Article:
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DFL lawyer Lillehaug named to Supreme Court

Lillehaug has represented the U, Al Franken and Gov. Dayton.


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Gov. Mark Dayton announced Tuesday that David Lillehaug, a Democratic-Farmer-Labor lawyer, will fill the soon-to-be vacant spot on the Minnesota Supreme Court.

Lillehaug, who has in the past represented the University of Minnesota, will replace Justice Paul Anderson, who’s stepping down in May after reaching the mandatory retirement age of 70.

Lillehaug was one of three candidates for a previous Supreme Court opening and was chosen this time through a separate process, Dayton said.

Lillehaug said his work ethic will help him make the transition from trial court to the bench.

“Anyone who knows me … knows that when I focus on something, I really throw myself into it,” he said.

Appointing justices with partisan pasts is nothing new to the highest court in Minnesota, but Lillehaug’s connections to the DFL Party run particularly deep. In a 2011 profile, Capitol Report called him the “DFL’s man on the inside.”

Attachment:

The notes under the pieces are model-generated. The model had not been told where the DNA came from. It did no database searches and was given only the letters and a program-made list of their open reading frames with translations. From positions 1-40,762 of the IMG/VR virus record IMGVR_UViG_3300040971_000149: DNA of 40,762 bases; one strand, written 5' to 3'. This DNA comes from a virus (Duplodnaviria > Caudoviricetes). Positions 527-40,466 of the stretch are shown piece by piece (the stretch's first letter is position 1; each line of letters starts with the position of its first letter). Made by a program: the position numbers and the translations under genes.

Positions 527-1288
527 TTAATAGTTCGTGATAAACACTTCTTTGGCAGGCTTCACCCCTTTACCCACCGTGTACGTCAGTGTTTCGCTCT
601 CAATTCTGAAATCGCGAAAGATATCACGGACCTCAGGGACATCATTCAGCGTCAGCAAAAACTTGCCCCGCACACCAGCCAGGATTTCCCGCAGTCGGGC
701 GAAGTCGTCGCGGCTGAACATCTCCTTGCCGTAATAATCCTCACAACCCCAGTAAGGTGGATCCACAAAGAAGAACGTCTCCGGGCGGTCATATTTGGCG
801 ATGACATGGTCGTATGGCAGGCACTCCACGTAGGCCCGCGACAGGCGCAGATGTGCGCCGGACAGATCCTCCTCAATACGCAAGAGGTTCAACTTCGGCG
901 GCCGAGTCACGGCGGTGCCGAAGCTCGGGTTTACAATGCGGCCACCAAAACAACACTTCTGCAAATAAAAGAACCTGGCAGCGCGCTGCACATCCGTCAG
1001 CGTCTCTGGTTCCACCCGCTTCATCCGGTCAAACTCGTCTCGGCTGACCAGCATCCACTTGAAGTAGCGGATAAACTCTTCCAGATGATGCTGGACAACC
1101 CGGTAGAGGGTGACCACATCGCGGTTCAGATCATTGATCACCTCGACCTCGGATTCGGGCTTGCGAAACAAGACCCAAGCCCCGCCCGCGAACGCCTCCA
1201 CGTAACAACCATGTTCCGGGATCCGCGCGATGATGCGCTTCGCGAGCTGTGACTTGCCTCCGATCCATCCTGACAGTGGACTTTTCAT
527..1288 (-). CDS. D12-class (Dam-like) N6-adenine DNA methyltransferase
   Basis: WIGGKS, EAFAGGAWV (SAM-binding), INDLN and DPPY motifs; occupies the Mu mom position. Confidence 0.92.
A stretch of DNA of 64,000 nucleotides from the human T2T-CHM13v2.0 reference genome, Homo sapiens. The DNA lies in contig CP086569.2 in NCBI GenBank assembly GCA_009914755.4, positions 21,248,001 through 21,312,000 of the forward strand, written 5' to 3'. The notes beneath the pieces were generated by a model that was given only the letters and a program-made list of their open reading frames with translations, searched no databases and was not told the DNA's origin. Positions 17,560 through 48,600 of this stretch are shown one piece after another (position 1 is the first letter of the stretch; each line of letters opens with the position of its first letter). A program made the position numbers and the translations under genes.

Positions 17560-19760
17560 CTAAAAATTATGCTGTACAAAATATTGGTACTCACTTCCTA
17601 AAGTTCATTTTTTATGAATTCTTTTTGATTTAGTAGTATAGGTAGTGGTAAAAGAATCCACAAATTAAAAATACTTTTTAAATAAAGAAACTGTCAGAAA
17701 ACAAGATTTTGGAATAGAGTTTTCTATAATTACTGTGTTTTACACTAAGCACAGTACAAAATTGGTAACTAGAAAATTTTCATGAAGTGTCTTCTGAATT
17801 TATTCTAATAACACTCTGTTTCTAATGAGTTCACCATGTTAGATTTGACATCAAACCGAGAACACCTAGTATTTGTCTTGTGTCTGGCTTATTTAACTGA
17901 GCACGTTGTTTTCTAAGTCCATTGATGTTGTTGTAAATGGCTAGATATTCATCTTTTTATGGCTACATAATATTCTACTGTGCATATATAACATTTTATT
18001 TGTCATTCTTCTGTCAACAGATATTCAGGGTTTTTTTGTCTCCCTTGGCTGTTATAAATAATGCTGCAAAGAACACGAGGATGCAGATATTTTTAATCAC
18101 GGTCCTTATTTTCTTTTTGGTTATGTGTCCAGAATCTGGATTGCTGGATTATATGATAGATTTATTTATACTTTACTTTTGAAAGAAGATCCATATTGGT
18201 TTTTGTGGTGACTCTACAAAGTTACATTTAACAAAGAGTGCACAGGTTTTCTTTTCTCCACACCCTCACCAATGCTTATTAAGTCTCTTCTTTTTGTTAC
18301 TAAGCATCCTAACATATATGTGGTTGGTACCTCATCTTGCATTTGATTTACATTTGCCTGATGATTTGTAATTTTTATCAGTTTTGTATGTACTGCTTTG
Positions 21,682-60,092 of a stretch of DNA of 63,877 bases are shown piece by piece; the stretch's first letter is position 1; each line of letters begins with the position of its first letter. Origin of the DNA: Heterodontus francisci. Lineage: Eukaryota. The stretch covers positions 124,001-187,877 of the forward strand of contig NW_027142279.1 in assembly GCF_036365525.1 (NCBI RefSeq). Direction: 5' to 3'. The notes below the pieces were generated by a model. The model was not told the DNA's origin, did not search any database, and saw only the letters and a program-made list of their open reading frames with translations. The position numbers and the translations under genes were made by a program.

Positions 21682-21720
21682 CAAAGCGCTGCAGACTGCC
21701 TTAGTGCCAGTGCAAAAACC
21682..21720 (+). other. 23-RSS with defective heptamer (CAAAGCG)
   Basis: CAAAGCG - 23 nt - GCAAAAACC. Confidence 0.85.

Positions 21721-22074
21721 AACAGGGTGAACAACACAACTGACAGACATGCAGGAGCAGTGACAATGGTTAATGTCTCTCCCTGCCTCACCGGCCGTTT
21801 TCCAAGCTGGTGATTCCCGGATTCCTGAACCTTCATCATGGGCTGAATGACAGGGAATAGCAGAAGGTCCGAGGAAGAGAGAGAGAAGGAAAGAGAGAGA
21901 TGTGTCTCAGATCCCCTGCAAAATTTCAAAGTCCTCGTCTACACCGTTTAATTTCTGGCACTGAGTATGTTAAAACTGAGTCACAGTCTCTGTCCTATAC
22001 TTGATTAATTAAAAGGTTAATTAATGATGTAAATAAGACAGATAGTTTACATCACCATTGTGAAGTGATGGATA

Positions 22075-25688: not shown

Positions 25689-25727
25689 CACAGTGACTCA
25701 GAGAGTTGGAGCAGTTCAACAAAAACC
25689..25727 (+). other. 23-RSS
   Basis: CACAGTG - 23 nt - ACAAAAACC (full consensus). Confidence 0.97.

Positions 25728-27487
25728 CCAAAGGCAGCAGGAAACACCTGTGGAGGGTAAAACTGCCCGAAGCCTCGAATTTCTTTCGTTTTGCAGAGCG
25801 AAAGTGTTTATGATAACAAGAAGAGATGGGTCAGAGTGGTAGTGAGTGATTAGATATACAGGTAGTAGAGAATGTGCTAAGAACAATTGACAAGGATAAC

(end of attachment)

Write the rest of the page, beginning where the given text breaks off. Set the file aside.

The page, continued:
He represented both U.S. Sen. Al Franken and Dayton in their recounts and the DFL Party during last year’s redistricting.

Anderson said having a justice with a political background ensures people know where the justice — whom they can vote for or against — will stand on issues.

Supreme Court justices are elected to six-year terms, but if a justice resigns, dies or, like Anderson, retires during a term, the governor appoints a replacement.

“I applaud the background of the new justice because that’s what we need in the court,” he said.

Lillehaug has also worked with the University in the past, preparing reports on independent investigations.

A Harvard Law School graduate, Lillehaug said he will look at cases with a balanced eye. He joked that his college debate team experience will help him — and possibly inspire friendly post-decision discussions — with fellow debate-teamer on the bench, Justice G. Barry Anderson.

Lillehaug said one of the first things he’s looking forward to as a justice is accepting Chief Justice Lorie Skjerven Gildea’s invitation to meet and discuss law.

Although just named to the court, Lillehaug will be up for re-election in 2014. He said he hopes to serve until he reaches the mandatory retirement age.


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